INDIA: The Reserve Bank of India on Wednesday issued detailed guidelines to digital lenders in response to the growing number of frauds and illegal activities, that will increase scrutiny and oversight of digital loan applications and the lenders that work with them.
Only regulated entities such as banks and shadow banks will be allowed to disburse and collect loan repayments and this will not be left to third parties, the RBI said.
The guidelines have been issued based on inputs received from the Working Group on “Digital Lending, including Lending through Online Platforms and Mobile Applications” (WGDL). The RBI had set up a task force in January last year to look into digital lending issues and draft regulations.
The central bank has strengthened the regulatory framework to support the orderly growth of lending through digital lending, based on the suggestions of the task force.
All loan disbursements and repayments must be made only between the bank accounts of the borrower and the regulated entity (RE) without any pass-through or joint account of the loan service provider (LSP) or any third party, RBI states.
All fees, charges, and other payables, payable to LSP service providers in the loan brokerage process will be paid directly by RE and not by the borrower.
A Standardized Key Facts Statement (KFS) must be provided to the borrower before entering into a loan agreement.
Borrowers must be told the aggregate cost of digital loans in the form of an annual percentage rate (APR). APR will also be part of KFS.
An automatic increase of the credit limit without the express consent of the borrower is prohibited. The loan agreement includes a cooling off/search period during which borrowers can terminate digital loans by paying the principal and prorated APR without any penalty.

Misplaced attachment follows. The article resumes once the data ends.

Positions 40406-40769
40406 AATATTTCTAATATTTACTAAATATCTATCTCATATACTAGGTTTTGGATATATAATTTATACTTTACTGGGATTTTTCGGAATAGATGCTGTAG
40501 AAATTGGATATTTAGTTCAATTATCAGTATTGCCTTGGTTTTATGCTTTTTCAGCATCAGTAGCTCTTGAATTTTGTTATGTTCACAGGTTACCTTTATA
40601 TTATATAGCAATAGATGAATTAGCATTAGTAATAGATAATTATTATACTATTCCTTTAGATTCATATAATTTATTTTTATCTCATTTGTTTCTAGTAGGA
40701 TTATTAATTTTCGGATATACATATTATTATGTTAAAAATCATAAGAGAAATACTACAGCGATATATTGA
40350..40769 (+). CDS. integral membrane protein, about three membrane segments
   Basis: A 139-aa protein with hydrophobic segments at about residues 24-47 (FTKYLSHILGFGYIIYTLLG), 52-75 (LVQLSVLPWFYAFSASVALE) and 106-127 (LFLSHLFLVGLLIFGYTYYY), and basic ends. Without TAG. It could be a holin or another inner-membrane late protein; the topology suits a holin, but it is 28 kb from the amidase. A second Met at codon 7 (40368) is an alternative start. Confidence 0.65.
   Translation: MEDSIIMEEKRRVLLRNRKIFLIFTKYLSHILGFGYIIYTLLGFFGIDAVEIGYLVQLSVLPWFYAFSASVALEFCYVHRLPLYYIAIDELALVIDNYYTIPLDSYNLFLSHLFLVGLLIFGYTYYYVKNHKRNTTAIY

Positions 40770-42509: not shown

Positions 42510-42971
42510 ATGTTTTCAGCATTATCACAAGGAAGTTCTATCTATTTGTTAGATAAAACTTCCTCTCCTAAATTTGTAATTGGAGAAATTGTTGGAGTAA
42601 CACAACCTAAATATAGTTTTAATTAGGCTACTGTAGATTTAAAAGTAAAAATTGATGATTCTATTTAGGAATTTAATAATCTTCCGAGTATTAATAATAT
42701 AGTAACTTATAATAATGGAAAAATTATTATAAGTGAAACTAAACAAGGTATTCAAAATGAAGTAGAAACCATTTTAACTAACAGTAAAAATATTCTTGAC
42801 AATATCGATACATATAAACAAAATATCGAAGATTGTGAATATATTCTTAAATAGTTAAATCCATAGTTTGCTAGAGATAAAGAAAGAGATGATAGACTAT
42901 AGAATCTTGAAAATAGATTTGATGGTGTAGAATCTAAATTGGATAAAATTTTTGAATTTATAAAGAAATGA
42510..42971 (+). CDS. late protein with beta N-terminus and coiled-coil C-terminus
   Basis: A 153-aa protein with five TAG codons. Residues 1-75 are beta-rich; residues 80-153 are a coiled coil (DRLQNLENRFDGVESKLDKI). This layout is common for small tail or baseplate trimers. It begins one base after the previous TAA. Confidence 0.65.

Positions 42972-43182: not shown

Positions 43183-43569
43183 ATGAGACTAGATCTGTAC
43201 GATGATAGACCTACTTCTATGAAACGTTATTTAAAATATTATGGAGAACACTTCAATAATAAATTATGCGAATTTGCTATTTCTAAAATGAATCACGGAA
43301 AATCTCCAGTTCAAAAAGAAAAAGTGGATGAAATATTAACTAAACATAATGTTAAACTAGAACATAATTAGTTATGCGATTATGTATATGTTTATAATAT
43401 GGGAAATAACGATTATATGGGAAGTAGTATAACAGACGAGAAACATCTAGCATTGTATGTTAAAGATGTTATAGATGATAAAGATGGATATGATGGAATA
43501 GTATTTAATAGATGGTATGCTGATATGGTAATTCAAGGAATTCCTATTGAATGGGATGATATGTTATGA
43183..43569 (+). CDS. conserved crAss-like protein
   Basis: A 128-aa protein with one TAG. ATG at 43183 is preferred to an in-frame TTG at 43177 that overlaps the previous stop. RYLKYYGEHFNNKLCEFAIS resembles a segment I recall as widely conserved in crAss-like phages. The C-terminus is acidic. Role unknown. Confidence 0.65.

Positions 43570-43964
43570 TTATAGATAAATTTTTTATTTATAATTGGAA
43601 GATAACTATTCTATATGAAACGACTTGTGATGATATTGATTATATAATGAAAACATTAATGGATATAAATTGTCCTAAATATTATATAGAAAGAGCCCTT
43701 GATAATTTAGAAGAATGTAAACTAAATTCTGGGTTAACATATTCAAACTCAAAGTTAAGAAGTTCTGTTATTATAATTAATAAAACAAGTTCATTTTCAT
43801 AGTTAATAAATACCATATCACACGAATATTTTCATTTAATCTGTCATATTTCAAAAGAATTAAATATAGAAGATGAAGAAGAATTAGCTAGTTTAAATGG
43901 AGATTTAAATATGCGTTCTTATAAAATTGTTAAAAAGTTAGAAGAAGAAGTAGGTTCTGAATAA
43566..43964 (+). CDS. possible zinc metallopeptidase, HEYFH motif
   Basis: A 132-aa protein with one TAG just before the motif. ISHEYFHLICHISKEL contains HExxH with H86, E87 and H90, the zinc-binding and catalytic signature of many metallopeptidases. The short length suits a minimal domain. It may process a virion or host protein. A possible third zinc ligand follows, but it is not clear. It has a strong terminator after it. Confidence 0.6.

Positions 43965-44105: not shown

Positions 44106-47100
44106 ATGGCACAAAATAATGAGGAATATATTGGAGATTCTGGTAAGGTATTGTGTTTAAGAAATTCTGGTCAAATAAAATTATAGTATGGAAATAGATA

RE shall ensure that they and the ISPs engaged by them have an appropriate Grievance Officer at the node to deal with complaints related to FinTech/Digital Lending. Such Grievance Officers shall also deal with the grievances of their respective Digital Lending Apps (DLAs). Details of the Complaints Officer will be prominently displayed on the RE website, its LSP and, where applicable, the DLA.
As per the existing RBI guidelines, if any complaint filed by the borrower is not resolved by the RE within the stipulated time (currently 30 days), he can file a complaint under the Reserve Bank – Integrated Ombudsman Scheme (RB-IOS).
Data collected by DLA should be needs-based only, have a clear audit trail and should only be done with the borrower’s prior consent.
Borrowers may be given the option to accept or decline consent to the use of specific data, including the option to revoke previously granted consent, in addition to the option to delete data collected from DLA/LSP borrowers.
“Any loans obtained through DLA (either from an RE or an LSP engaged by the RE) must be reported by the RE to the Credit Information Companies (CIC), regardless of their nature or duration,” RBI said.
All new digital lending products extended by the RE through trading platforms involving short-term credit or deferred payments must be reported to CIC by RE.
The RBI had set up a task force in January last year to look into digital lending issues and draft regulations.
Last month, RBI Governor Shaktikanta Das said that digital lending players should only carry out activities for which they have licenses and violation of these is not acceptable.
In June, the RBI asked non-bank issuers of prepaid payment instruments (PPIs) not to encumber their wallets and cards from lines of credit or pre-set borrowing limits.
“The (digital lending) businesses should operate based on the licenses they have been granted. If they are doing anything beyond that, they should ask for our permission,” the Central Bank stated.
“Without permission, if they are engaged in activities for which they are not licensed, then it is not acceptable. It goes beyond the licensing requirements and there will be a risk that we cannot afford,” Das said at an event organized by Bank of Baroda.